Harper's Weekly (28 March 1868), p. 197. Wood-engraving, 8.6 x 5.5 cm. [In the thirteenth headnote vignette, the Harper & Bros. house illustrators "C. B." and "W. J." (William Jewett) present the scene in which Sergeant Cuff engages the Verinders' gardener one final time on subject of raising roses. The vignette shows the tall, lean detective standing beside the stout gardener as both contemplate the rose garden.]Chapter 21 (continued) — initial illustration for the thirteenth instalment in
Scanned image and text by Philip V. Allingham. [You may use this image without prior permission for any scholarly or educational purpose as long as you (1) credit the person who scanned the image and (2) link your document to this URL.]
Illustrations courtesy of the E. J. Pratt Fine Arts Library, University of Toronto, and the Irving K. Barber Learning Centre, University of British Columbia.
Passage suggested by the Headnote Vignette for the Thirteenth Instalment
"Oh!" I said. "You think it's all over then, here?"
"I think," answered Sergeant Cuff, "that Lady Verinder is one of the cleverest women in England. I also think a rose much better worth looking at than a diamond. Where is the gardener, Mr. Betteredge?"
There was no getting a word more out of him on the matter of the Moonstone. He had lost all interest in his own inquiry; and he would persist in looking for the gardener. An hour afterwards, I heard them at high words in the conservatory, with the dog-rose once more at the bottom of the dispute. — "First Period: The Loss of the Diamond (1848), The Events related by Gabriel Betteredge, house-steward in the service of Julia, Lady Verinder," ch. 21 (continued), p. 197.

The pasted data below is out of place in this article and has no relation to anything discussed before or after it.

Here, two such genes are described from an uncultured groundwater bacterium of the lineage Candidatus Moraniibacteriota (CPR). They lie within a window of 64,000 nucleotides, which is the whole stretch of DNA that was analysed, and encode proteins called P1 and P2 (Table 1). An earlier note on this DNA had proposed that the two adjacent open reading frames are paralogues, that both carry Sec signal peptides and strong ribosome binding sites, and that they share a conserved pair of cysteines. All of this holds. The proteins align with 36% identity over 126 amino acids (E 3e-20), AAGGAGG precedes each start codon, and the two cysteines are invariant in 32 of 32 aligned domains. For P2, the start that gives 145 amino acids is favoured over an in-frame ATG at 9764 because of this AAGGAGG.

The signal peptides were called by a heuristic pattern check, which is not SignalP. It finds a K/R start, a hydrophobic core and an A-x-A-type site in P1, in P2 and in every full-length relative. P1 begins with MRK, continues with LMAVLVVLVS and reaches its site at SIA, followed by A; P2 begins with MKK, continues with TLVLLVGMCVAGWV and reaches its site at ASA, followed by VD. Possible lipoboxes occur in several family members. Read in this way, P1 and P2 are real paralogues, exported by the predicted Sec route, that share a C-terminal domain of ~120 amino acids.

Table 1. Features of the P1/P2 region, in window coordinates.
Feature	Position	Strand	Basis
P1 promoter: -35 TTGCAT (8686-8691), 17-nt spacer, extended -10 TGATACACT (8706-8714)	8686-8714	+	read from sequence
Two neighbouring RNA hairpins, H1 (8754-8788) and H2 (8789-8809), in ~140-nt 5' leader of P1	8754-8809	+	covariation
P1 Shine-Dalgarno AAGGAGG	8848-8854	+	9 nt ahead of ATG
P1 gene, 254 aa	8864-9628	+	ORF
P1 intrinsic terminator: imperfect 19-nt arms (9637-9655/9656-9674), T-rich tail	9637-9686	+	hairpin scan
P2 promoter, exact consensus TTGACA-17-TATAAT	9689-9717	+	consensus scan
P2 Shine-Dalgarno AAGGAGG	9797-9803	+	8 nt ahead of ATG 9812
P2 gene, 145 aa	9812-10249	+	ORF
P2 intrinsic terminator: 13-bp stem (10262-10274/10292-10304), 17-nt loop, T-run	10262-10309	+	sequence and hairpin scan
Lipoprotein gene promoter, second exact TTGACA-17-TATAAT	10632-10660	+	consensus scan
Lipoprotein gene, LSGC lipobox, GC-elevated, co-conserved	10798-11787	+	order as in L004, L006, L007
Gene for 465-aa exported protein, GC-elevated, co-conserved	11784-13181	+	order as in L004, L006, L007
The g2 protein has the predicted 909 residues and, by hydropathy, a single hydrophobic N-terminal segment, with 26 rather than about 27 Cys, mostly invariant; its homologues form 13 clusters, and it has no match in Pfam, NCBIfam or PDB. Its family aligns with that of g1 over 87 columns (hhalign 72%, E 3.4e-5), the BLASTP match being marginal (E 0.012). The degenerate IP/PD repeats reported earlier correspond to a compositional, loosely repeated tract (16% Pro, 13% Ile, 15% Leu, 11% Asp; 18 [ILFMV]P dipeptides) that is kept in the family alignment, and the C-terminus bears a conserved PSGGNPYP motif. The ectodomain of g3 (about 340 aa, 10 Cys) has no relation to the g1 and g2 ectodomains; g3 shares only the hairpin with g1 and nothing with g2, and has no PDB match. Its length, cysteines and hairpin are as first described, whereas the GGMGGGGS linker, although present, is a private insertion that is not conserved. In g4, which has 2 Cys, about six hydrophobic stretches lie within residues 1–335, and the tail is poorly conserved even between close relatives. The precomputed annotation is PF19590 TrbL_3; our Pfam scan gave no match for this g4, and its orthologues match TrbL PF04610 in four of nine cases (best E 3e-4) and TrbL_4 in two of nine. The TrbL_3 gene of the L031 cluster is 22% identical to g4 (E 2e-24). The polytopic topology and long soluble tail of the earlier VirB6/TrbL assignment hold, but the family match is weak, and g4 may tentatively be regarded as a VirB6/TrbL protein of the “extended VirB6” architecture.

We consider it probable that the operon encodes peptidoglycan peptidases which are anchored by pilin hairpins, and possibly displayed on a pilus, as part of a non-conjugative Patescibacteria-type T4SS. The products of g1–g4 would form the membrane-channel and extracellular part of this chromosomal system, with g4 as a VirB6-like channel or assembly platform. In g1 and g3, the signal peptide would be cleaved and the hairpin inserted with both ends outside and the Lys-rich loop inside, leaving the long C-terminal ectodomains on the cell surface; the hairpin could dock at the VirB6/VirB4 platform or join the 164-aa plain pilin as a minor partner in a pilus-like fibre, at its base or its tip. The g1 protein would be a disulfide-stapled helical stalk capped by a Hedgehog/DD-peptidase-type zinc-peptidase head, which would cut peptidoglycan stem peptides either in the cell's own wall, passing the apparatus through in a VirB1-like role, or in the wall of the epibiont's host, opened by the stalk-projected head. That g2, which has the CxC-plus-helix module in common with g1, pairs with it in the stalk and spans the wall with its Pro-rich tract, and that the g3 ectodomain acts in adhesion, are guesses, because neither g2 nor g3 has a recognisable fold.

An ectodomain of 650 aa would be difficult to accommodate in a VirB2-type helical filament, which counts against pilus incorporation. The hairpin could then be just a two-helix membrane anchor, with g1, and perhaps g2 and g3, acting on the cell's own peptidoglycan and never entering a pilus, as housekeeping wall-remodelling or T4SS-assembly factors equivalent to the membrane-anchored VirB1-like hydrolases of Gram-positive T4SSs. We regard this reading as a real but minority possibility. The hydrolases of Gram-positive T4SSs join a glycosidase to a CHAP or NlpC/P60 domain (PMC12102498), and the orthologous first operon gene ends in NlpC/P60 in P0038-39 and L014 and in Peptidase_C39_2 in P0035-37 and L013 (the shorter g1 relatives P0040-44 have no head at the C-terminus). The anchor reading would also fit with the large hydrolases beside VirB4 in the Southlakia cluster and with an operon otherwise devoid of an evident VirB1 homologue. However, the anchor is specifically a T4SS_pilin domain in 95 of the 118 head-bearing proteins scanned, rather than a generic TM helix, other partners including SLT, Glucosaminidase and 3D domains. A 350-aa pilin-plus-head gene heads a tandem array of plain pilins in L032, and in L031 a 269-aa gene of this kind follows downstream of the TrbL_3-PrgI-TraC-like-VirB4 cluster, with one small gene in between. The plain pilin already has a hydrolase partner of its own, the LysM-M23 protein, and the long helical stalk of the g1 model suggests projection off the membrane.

The headnote vignette contains yet another reference to Sergeant Cuff's fondness for roses, an eccentricity that Wilkie Collins may have based on the family background of the "real life" Sergeant Cuff, Detective Inspector Jonathan 'Jack' Whicher (1 October 1814–29 June 1881), one of the original eight members of the newly formed Detective Branch, founded at Scotland Yard in 1842. Whicher, the son of a Camberwell gardener, would logically have considerable expertise in horticulture, which may explain Cuff's persistent interest in the raising of roses. Although the text specifies that Cuff discusses the dog rose in the conservatory of the manor house, the artist, shows the pair side by side, outside.
The celebrated Scotland Yard detective, having been given his dismissal by Lady Julia Verinder because his "theory of the crime" focusses on her daughter as the thief, now contemplates retiring to Dorking (then a village south of London), where we shall find him several hundred pages later, cultivating roses. Like Whicher with the Constance Kent trial, he reappears at the resolution of the crime when Godfrey Ablewhite is found dead, disguised as a merchant sailor.
- The Moonstone and British India (1857, 1868, and 1876)
- Detection and Disruption inside and outside the 'quiet English home' in The Moonstone
- Illustrations by F. A. Fraser for Wilkie Collins's The Moonstone: A Romance (1890)
- Illustrations by John Sloan for Wilkie Collins's The Moonstone: A Romance (1908)
- Illustrations by Alfred Pearse for The Moonstone: A Romance (1910)
- The 1944 illustrations by William Sharp for The Moonstone (1946).
Last updated 27 November 2016